Trey Anastasio has been making music on his own and with the iconic Phish for nearly 40 years. While some artists may take it easy, Anastasio is a special breed that has to keep creating. Now, he offers fans an inside look at not only his creative process, but his personal life with the new documentary Between Me and My Mind. This intimate look at Anastasio is being released in theaters for one night only for an unforgettable experience. Before the release of the film, GENRE IS DEAD! sat down with filmmakers Steve Cantor and Jamie Schutz about making the film, what it was like to have access to Trey’s private moments, and what they hope fans gain from the experience.
GENRE IS DEAD!: Between Me and My Mind is a film that follows Trey Anastasio and looks at his creative process along with capturing Phish’s huge 2017 Soul Planet: New Year’s Eve show. Can you tell me a bit about the film and how it came about?
Steve Cantor: This film is an inside look at Trey’s creative process. We obviously know and love Phish and Trey, but we’ve never really seen how things get created. So, when we spoke to Trey about the film at the very beginning of this project, we told him that we really wanted take the audience on a that creative journey. And that was something he could get behind. During this time, he was being influenced by his friends, family, people he’s lost in the past and people he ended up losing during filming and I think it forms his writing. We were fortunate enough to capture that process of putting the first idea on the page to ultimately finishing the songs. Alongside that, Phish did the big New Year’s Eve show. Those are really the two threads we are covering in the film along with moments of Trey having conversations with his family – all of that forms his creative process.
GID: Because the film focuses on his creative process, it stands out from traditional music documentaries because it’s not about the history of Phish or Trey’s history. Why did you pursue this angle rather than the traditional rock doc?
SC: I think we approach every film, whether about a musician or any other subject, the same which is trying to find a storyline to focus on. With Trey there were two concurrent things going on: the huge New Year’s Eve show and writing a new album. Every year he plays this huge New Year’s Eve concert and they do a gag when the clocks strikes midnight. It’s a huge production set piece, so we got to follow the creation of that. At the same time, his best friend was dying and he was in a reflective state of mind. I think he wanted everything in his life to help him form this new work. He talked to his kids, his wife, his parents, his bandmates, and friends in ways he probably hadn’t before.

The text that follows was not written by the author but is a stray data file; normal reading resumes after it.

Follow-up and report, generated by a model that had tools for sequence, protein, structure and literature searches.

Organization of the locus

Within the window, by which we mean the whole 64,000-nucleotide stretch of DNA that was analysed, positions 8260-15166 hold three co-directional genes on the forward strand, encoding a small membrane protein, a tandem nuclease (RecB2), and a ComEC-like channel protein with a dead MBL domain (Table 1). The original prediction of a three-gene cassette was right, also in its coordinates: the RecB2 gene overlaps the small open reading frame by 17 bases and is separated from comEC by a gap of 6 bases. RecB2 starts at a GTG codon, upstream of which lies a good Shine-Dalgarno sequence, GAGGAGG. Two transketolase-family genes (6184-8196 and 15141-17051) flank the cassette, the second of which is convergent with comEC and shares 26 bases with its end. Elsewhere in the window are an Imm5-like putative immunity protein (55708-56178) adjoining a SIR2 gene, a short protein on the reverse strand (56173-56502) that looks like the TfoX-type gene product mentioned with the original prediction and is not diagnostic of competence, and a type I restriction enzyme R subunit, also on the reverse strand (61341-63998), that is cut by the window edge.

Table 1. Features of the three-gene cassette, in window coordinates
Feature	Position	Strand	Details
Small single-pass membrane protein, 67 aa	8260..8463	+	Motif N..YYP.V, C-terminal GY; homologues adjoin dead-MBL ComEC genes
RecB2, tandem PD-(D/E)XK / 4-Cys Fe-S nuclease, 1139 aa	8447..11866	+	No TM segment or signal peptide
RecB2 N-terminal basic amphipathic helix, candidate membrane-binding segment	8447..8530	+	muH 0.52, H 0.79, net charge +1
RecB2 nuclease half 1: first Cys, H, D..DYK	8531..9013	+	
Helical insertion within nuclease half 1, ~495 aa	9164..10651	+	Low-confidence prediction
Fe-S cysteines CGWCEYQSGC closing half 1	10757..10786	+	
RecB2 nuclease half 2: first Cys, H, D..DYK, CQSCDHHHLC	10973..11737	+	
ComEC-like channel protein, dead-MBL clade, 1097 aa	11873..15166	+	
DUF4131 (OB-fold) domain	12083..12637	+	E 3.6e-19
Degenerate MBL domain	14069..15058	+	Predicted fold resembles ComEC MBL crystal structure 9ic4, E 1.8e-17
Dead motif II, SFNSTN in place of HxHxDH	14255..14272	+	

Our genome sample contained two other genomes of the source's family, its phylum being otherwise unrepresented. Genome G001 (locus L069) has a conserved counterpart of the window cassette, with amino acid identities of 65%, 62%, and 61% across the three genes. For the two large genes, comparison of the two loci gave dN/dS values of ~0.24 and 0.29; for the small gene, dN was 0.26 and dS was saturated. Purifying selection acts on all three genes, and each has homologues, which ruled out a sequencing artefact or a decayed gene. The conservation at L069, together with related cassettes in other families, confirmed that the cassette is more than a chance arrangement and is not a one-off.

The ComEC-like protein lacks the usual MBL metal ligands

Jamie Schutz: Trey considers himself to be extremely fortunate that he’s still in the middle of his career. With Phish doing so well, the band’s really enjoying the tours and all of the shows, it didn’t feel like the right time for him to look back and be nostalgic on his entire career. I think that’s right for some bands and I think that comes at a certain time, but it’s certainly not the time yet for Trey and it’s not the time for Phish. Also to Steve’s point, it’s not the kind of movie we typically make either.
GID: Interestingly enough Steve, you weren’t actually weren’t a Phish fan when you and Jamie started the project and now you are. What convinced you to take on the project?
SC: Jamie is my business partner and he’s been a Phish fan for 25 years. He’s been to over 100 shows and he got the whole thing off the ground. He talked to their manager and brought the band in for a meeting, which went on for three hours, but felt like two years really – they never stopped talking to each other. I wasn’t necessarily a fan of Phish though I respected them and I liked their music, but I wasn’t a groupie who goes to tons of shows. But Trey explodes with creativity and kindness and passion; that’s the kind of person you look forward to building a film around. And he had things going on in his life that would present an interesting arch that would have to resolve one way or another. Either the New Year’s Eve gag was going to well or not or the album was either going to be well received or not. Most importantly Jamie was right that Trey is such an amazing complicated really energetic beautiful guy.
GID: This is a very intimate documentary following Trey in his creative space as well as seeing him spend time with his family. What was it like to capture these moments that fans don’t have access to?
SC: A lot of documentary filming is sitting around getting stuff you think is not going to make the film. Usually, you can tell when something special happens and it’s always an exhilarating moment when you see something magical happen. Trey makes a lot of magic happen, so the shoot days were always pretty exciting. We have hours and hours of footage – we could’ve made this movie nine hours long. There’s so much banter with his bandmates and his family. Every conversation went on for an hour and they were very interesting and deeply psychological.
JS: As a Phish fan, I was excited to watch the process unfold. As we were going through production, Steve and I had a lot of conversations about how do we make this authentic for a Phish fan and provide them with something they truly want to see? At the same time, how do we make an interesting film so that if you’ve never heard of Phish, it’s a film that hopefully you’ll enjoy and get to know this character and root for him?
GID: Similar to Steve, I’m also not a Phish fan, though I really respect them and the angle of the film caught my attention. I wanted to know more of Trey’s story even though I’m not a fan, so it seems like it’ll appeal to both fans and music lovers.
SC: Music to our ears because that’s what we set out to do.